‘Denied justice.’ Clean Slate Law delayed once again

It was a symbolic protest over yet another delay in Connecticut’s new Clean Slate Law.

John Craven

Mar 27, 2024, 8:50 PM

Updated 15 days ago

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As Easter approaches, the south steps of the state Capitol looked like a scene out of the Bible on Wednesday. Clergy members washed the feet of 12 formerly incarcerated people, just as Jesus was said to do for his disciples during Holy Week.
It was a symbolic protest over yet another delay in Connecticut’s new Clean Slate Law.
THIRD ROUND OF DELAYS
Just days before Christmas, Gov. Ned Lamont “wiped away” some 80,000 criminal convictions off a chalk board at a New Haven church. After a year of delays, he announced that Clean Slate would finally be fully implemented by late January.
For Helen Caraballo, it would finally open up doors in the nursing field.
“They loved me. I went to go do my fingerprints and never heard from them again,” she said. “Finally this happened, so I’m not going to be judged by my record anymore.”
But three months later, only 11% of all eligible records – impacting 13,600 people and 33,000 charges – have been cleared, according to the Connecticut Department of Emergency Services and Public Protection. The agency said that should jump to two-thirds in the coming weeks, but some people may be waiting another full year.
“Aging data systems and poor data quality have slowed the process down,” DESPP spokesperson Rick Green said in a statement. “The department anticipates that all eligible erasures, about 120,000 people and nearly 190,000 cases dating back to 2000, will be completed over the next 12 months.”
“DENIED JUSTICE”
On the state Capitol steps, clergy said washing the feet symbolizes the forgiveness that thousands are still waiting for.
“And we pray that there will be no washing of hands by our leaders and acts of cowardice or further delays of justice,” said Rev. Phillipe Andal, with Congregations Organized for a New Connecticut (CONECT). “There is really no such thing as ‘delayed justice.’ There is really only denied justice.”
The state has already invested $8 million in technology upgrades for Clean Slate, and Lamont has proposed an additional $1.5 million his latest state budget. Lawmakers also had to clarify parts of the law during last year’s legislative session.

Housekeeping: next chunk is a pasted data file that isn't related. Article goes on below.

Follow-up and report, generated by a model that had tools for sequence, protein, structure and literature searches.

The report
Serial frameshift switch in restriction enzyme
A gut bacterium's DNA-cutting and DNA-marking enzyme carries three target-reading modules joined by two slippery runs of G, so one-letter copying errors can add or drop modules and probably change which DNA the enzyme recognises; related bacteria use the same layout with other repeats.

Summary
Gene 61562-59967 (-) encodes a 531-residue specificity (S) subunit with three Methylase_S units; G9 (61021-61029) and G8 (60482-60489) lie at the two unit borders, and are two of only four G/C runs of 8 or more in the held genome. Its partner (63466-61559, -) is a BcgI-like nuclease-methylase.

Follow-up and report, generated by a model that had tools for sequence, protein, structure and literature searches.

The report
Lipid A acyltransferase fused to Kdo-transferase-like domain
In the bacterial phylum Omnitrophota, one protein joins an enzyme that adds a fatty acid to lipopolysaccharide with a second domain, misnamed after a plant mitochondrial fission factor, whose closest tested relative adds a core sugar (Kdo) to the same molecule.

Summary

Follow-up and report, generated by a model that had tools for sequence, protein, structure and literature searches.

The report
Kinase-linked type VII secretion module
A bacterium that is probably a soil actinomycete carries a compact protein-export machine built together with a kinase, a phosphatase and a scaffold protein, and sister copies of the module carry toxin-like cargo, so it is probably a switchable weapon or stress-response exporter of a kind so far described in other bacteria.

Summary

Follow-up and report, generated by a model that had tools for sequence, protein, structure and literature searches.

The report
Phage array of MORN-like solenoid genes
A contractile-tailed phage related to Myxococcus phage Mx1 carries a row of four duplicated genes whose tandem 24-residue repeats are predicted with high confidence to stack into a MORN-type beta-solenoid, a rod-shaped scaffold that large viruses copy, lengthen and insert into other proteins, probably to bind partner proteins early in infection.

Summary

But faith leaders said, it’s not enough.
“Now we come to the third big delay – again, based on data,” said Phil Kent, CONECT’s legal advisor. “The government has known that there would be data issues since before Clean Slate was passed in 2021.”
The group delivered a letter to Lamont on Wednesday, demanding a faster rollout.
“We want to staff up immediately and hire additional temporary staff to deal with the data issues,” said CONECT’s Rodney Moore.
Advocates said they didn’t even find out about this latest delay until they started asking questions. They want Lamont to set up a full-time Clean Slate Office to provide updates every few weeks – another idea that the governor proposed in the new state budget.
“We also want the government to bring in Code for America, who has worked with governments on data issues, so they can get this right,” Kent said.
CLEAN SLATE LAW
The Clean Slate Law was first passed in 2021.
Most misdemeanors will be automatically erased seven years after a conviction date, assuming the offender has not been convicted again. After a decade, minor felonies will also be erased – except for crimes involving family violence or sexual abuse.
Kent said many of the delays appear to be with former inmates who had a “family violence flag” on their records.
“Their records needs to be cleaned because a lot of people can’t even get good jobs or housing,” said Tanya Barr, with CONECT.
Under Clean Slate, only convictions occurring since the year 2000 are automatically erased. For convictions prior to that date, you must petition the court for erasure.


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